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I want to segregate flows at a router. I can do this by using the destination IP on the header. I also want to make sure that my router does not forward any other packet for the time being I am sure the transmission was successful(I know the average time it takes to the destination). How do I buffer packets at the router for that estimated time?

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  • Routers route one packet at a time, as fast as possible, without regard to any packets that have come before. A router has no idea about a higher-layer (e.g. TCP) flow. It simply sees a packet and switches it based on the destination address. it does not maintain a state for IP (IP is specifically a stateless protocol). That allows IP to be rerouted anywhere in the path if there is a problem with a path. That is the original design of IP; packets can be rerouted in the event of a disaster, and only each end maintains the state of the communication.
    – Ron Maupin
    Feb 19 '20 at 17:43
  • Did any answer help you? If so, you should accept the answer so that the question doesn't keep popping up forever, looking for an answer. Alternatively, you can post and accept your own answer.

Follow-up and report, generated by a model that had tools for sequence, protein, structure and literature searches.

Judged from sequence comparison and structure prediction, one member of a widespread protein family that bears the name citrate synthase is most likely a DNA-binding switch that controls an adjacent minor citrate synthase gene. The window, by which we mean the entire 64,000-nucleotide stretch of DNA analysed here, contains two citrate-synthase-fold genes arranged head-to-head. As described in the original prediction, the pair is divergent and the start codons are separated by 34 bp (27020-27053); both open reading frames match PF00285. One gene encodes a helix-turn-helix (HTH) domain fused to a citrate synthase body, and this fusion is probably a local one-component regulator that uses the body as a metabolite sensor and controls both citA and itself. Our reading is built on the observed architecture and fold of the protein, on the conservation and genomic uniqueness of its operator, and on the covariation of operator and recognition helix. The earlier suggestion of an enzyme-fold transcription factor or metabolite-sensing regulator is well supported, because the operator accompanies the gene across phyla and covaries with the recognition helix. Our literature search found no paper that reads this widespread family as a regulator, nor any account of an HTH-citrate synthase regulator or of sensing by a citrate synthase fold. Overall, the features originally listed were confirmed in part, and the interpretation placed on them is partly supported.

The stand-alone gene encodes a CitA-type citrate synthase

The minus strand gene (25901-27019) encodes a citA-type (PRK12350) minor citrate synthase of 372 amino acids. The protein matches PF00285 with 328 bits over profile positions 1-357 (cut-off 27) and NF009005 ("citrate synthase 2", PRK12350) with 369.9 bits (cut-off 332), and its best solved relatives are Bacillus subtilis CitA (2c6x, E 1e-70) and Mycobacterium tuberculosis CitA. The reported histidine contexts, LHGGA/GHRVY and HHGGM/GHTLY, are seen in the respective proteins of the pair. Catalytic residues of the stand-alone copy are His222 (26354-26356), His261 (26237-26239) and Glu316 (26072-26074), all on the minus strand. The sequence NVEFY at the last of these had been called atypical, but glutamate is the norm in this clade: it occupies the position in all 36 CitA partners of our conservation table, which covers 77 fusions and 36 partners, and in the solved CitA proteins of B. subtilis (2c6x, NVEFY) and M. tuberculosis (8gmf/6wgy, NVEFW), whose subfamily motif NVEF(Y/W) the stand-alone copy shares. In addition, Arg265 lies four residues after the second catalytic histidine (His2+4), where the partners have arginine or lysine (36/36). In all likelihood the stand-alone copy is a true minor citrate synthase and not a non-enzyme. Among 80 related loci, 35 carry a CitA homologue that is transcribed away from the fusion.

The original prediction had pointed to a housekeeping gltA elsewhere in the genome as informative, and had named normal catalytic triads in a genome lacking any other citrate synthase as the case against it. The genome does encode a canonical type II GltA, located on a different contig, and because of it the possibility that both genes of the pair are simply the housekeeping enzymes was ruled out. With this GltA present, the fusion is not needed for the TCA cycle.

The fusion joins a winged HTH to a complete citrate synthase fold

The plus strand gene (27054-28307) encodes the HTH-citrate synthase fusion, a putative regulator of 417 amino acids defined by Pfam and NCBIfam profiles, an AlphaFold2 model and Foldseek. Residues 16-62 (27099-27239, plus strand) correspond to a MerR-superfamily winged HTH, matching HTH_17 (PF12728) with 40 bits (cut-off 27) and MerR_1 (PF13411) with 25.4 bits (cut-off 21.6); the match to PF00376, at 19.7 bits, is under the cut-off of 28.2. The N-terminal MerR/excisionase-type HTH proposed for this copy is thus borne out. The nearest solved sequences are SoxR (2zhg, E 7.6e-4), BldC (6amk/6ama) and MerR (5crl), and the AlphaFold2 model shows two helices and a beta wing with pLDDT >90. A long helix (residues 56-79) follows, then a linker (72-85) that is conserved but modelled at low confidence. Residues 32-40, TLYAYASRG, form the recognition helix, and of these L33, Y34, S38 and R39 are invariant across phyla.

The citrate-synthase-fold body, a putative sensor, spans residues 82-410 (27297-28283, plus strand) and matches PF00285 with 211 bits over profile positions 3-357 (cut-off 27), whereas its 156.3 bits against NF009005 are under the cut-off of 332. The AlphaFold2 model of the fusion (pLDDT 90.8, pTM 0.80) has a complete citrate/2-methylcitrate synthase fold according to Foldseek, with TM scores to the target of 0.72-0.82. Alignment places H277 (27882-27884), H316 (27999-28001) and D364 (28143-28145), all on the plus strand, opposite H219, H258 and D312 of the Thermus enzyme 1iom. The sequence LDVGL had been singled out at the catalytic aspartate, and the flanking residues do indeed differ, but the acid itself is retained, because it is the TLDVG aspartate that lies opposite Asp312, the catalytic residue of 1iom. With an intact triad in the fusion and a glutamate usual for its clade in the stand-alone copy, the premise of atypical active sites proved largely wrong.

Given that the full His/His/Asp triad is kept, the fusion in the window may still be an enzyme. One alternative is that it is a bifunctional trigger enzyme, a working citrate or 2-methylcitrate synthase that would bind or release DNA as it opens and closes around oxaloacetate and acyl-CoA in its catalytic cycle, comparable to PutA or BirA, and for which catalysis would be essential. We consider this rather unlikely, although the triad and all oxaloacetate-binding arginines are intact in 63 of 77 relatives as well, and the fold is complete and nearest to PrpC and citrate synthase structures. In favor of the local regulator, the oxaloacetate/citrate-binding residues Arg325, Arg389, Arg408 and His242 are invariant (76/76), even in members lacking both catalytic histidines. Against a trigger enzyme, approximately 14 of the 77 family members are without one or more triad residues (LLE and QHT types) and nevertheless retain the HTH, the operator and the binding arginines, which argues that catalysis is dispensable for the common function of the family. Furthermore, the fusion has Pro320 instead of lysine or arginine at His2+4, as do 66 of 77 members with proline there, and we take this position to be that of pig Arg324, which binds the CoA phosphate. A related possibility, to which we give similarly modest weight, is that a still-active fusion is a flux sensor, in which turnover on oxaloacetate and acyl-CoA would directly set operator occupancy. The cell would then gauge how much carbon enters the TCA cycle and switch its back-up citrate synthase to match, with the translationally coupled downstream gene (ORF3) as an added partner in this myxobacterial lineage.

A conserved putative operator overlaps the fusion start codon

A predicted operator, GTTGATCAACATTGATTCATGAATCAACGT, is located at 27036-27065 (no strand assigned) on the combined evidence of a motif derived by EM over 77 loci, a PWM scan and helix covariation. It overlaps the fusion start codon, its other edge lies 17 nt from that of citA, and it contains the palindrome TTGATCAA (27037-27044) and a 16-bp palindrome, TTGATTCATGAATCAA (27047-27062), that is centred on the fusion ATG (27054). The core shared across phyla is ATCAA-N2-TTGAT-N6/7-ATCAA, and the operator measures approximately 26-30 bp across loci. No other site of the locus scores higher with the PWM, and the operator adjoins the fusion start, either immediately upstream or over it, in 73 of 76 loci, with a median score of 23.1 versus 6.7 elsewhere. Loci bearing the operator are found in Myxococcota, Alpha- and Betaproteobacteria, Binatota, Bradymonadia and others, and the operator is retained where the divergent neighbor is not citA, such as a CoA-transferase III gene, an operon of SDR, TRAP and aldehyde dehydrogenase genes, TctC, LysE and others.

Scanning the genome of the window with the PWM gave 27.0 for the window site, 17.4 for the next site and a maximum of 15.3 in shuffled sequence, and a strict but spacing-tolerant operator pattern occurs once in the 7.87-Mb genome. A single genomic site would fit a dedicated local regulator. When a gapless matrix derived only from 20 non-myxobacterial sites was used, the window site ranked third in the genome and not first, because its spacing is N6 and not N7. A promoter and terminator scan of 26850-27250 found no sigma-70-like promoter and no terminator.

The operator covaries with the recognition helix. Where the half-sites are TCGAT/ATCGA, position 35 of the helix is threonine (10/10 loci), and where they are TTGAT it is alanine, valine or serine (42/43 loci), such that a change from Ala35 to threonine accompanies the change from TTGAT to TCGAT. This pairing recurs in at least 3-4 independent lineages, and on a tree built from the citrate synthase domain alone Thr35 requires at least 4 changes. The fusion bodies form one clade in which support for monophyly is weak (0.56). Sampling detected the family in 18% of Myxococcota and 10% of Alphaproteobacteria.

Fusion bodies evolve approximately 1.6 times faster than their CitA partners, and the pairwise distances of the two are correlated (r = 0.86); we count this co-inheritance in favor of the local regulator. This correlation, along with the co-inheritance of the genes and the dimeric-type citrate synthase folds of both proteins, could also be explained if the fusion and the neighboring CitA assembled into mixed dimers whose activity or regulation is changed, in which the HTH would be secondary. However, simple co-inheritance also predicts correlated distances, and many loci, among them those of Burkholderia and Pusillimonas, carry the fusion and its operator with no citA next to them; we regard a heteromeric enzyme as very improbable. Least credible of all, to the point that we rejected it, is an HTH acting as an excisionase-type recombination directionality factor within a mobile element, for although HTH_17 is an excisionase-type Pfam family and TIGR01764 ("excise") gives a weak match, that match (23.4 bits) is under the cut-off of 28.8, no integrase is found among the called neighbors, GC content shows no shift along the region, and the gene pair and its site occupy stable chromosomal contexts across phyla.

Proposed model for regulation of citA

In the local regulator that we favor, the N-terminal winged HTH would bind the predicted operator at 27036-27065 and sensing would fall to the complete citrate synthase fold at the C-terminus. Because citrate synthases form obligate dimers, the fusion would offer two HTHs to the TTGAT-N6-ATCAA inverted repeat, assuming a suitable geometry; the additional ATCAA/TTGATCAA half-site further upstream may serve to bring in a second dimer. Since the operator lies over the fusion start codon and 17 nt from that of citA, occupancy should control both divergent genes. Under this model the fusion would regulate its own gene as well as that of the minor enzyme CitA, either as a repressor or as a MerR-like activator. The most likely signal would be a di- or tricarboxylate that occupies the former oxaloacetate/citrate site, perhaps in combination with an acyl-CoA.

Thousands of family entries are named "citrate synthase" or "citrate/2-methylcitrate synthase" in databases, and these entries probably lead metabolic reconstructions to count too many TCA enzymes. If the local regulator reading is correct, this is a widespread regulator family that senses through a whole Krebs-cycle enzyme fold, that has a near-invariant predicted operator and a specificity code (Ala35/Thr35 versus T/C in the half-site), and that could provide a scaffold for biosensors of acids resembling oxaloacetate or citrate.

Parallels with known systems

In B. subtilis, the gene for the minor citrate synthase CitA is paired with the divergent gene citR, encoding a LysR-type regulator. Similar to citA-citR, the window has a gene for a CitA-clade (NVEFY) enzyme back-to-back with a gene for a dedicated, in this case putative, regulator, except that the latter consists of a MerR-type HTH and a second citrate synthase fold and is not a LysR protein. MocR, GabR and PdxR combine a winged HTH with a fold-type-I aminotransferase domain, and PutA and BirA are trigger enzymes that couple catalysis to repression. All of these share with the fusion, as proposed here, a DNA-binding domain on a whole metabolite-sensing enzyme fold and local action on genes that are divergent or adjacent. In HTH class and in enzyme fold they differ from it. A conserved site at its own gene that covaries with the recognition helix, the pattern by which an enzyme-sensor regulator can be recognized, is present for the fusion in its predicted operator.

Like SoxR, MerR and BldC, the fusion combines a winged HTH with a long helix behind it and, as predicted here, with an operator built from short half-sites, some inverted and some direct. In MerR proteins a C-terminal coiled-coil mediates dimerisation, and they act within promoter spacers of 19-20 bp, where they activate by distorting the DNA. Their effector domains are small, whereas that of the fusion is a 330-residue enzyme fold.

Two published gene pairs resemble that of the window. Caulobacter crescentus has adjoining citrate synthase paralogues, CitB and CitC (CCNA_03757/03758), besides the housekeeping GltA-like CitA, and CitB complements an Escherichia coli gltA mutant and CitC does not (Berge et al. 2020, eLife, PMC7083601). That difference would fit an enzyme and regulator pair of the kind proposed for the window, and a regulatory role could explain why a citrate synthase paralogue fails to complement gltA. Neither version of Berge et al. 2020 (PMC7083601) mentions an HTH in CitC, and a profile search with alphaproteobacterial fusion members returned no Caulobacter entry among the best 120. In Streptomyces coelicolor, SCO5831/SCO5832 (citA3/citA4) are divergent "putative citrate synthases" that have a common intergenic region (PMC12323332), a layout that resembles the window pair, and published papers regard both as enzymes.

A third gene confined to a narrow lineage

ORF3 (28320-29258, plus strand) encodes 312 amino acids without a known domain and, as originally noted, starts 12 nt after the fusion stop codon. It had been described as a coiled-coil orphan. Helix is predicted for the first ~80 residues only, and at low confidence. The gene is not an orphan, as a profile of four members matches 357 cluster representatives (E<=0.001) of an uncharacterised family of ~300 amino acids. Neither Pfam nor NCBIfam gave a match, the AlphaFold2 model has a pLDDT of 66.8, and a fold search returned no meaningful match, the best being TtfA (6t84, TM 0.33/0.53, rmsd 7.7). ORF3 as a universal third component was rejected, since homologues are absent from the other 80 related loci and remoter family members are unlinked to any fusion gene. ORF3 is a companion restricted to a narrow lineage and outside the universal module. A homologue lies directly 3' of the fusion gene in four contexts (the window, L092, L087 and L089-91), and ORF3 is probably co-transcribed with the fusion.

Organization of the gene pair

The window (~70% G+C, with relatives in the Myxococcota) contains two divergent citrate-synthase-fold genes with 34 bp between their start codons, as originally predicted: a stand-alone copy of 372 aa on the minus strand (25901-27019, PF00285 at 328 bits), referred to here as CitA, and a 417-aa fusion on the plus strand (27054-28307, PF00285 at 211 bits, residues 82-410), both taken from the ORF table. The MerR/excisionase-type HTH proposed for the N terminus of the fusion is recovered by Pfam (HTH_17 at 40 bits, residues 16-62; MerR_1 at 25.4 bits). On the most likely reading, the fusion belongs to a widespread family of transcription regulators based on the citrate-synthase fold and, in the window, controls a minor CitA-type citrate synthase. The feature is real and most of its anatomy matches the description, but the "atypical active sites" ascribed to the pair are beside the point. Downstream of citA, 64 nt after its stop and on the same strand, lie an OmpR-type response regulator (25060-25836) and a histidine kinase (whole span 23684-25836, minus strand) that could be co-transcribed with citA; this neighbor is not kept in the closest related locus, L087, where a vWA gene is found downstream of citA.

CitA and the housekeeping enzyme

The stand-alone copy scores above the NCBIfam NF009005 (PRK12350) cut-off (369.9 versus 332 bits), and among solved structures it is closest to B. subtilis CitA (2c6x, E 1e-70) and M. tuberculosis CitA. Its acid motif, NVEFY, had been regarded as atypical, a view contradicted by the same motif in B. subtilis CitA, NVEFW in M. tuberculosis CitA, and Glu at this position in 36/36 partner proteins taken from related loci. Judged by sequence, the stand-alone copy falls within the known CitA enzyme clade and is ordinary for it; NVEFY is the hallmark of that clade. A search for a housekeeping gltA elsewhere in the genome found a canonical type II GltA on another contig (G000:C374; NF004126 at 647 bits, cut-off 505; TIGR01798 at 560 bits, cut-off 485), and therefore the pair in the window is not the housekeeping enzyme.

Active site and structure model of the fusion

– Ron Maupin
    Dec 17 '20 at 15:42
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I want to segregate flows at a router. I can do this by using the destination IP on the header.

Forwarding by destination IP is what routing is about.

I also want to make sure that my router does not forward any other packet for the time being I am sure the transmission was successful(I know the average time it takes to the destination).

A router doesn't do that. When a packet has been forwarded the router forgets all about it. IP is a stateless network protocol and routers are equally stateless.

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  • True but QoS would probably solve the actual problem which I am sure is not what the question states :) Feb 29 '20 at 1:29

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